A Superior Court judge ordered oil well companies in Placerita Canyon to stop burning off so much gas from their wells. The fires were turning Newhall’s nights into days by igniting an estimated 7 billion cubic gallons of natural gas. Back then, a huge Placerita oil strike made us one of the world’s largest producers of petroleum.

Drunk and mean; not a good combo t was the first murder here in a decade and it was a grisly one. Claude Faggard, an elderly carpenter, was beaten to death with a hammer by the man he let a room from, Earl Levings. Levings had a history of violent behavior and adding to that, Levings had just purchased 50 bottles of whiskey. 

DEC. 22, 1959

Our first school principal was … 
Here’s some trivia for you. On this date, Dave Brown was named the first junior high school principal ever in the Santa Clarita. Dave took over the helm of the yet-to-be opened Placerita Junor High.

Er, we’ll shop a little later, thank you ith Christmas always comes the ads in The Mighty Signal from our loyal advertisers wishing folks well and thanking them for this and that. How’s this one from Hilburn’s Chapel: “Many thanks to your loyal friends! Your patronage has made this year a wonderful one for us, and we are sincerely grateful.” Knowing Ed “Digger” Hilburn’s proficiency for the practical joke and dark humor, you’d bet this one wasn’t an accident.

DEC. 22 1969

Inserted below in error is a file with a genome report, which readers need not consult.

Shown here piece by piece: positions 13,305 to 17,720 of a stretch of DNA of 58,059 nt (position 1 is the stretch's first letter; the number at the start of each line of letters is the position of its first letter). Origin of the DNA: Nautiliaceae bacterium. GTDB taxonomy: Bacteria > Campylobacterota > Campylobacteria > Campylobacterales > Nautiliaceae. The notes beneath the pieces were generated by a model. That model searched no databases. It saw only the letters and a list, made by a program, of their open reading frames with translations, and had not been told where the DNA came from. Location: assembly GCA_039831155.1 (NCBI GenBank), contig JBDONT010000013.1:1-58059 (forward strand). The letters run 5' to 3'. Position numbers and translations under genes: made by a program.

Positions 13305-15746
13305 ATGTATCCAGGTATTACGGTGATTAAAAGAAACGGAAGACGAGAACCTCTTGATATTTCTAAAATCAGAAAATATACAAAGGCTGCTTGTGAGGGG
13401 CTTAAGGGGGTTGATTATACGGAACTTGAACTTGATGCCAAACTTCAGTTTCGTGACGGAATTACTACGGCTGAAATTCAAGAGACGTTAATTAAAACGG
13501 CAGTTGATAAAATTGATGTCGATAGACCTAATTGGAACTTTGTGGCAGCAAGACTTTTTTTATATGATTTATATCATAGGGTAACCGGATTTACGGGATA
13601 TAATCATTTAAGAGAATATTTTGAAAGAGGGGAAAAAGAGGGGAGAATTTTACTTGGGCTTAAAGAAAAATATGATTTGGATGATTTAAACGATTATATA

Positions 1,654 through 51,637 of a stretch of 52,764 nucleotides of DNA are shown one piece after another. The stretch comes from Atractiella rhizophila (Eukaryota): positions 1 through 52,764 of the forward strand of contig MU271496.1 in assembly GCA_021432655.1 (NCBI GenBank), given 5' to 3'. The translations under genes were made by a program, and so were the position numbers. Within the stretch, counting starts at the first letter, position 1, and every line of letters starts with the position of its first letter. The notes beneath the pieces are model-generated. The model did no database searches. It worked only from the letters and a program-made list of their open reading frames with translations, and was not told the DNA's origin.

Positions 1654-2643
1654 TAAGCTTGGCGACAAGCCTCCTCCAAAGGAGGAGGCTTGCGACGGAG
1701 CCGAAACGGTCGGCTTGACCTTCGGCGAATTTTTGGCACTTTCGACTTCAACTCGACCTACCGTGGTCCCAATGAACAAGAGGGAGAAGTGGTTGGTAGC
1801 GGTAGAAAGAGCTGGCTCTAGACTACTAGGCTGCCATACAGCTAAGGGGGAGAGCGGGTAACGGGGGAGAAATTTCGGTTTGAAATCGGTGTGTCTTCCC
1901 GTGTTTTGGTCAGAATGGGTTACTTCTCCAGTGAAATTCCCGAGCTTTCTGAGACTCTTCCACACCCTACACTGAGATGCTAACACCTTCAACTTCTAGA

Hanging bureaucrats, a long-
cherished local tradition he Regional Planning Commission approved to not just turn Lyons Avenue into a four-lane divided road on this date, but Placerita Canyon as well. Years later, after a historic oak was removed on Lyons and residents of Placerita hung the supervisors in effigy, the road was not put through.

Greg brought heat ormer Hart pitching great Greg Garrett was moved up to the Big Show. On this date, Garrett was brought up to the California Angels’ 40-man roster. After baseball, Garrett became a world-class powerlifter.

DEC. 22, 1979

Better than on his foot ene Veluzat got a Christmas present that he wasn’t particularly happy to get. Someone parked an entire house on his property on 6th and Pine streets and abandoned it. Veluzat called the cops but the locals — with a straight face — said, “It’s difficult to bring trespassing charges against a house.” After it was there a week, someone came in the middle of the night and moved it off.

A really bad name for a gas station proprietor ilbert Tarr, a Gorman service station owner, became the first person in America to be charged with gasoline price gouging. His rates were as much as 39 cents higher than allowed by the Emergency Petroleum Allocation Act of 1973.

Nature always comes back lacerita Canyon State Park had been ravaged by fire the week before and it was a blessing. Frank Hovore, the naturalist there, pointed out shrubs such as chemise, toyon, holly-leaf cherry and scrub oak would now be able to sprout in the wake of the fire.

The early war on Christmas? 
Friend and gossip columnist Mimi (Ruth Newhall) noted with lament how politically correct bureaucrats had done away with most of the Christmas carols (“Silent Night,” “O Come All Ye Faithful”) so as not to offend non-Christians. “We’ve turned in some of the world’s most appealing music for a handful of cheap jingles,” wrote Mimi. Amen.

Merry Christmas to you, saddlepals. Happy Hanukkah as well. Happy holidays and an unobtrusive nod to those who celebrate other adventures. I’ll be back next week with another exciting Time Ranger trail ride into the SCV of yesteryear. Until then — ¡Shalom lekha y vayan con Dios, amigos, y feliz navidad!

John Boston has been writing about SCV history for more than 40 years. Read his historical tome, “Images of America: The Santa Clarita Valley” on Amazon.com. Check out his History of The Mighty Signal series on Saturdays on A1.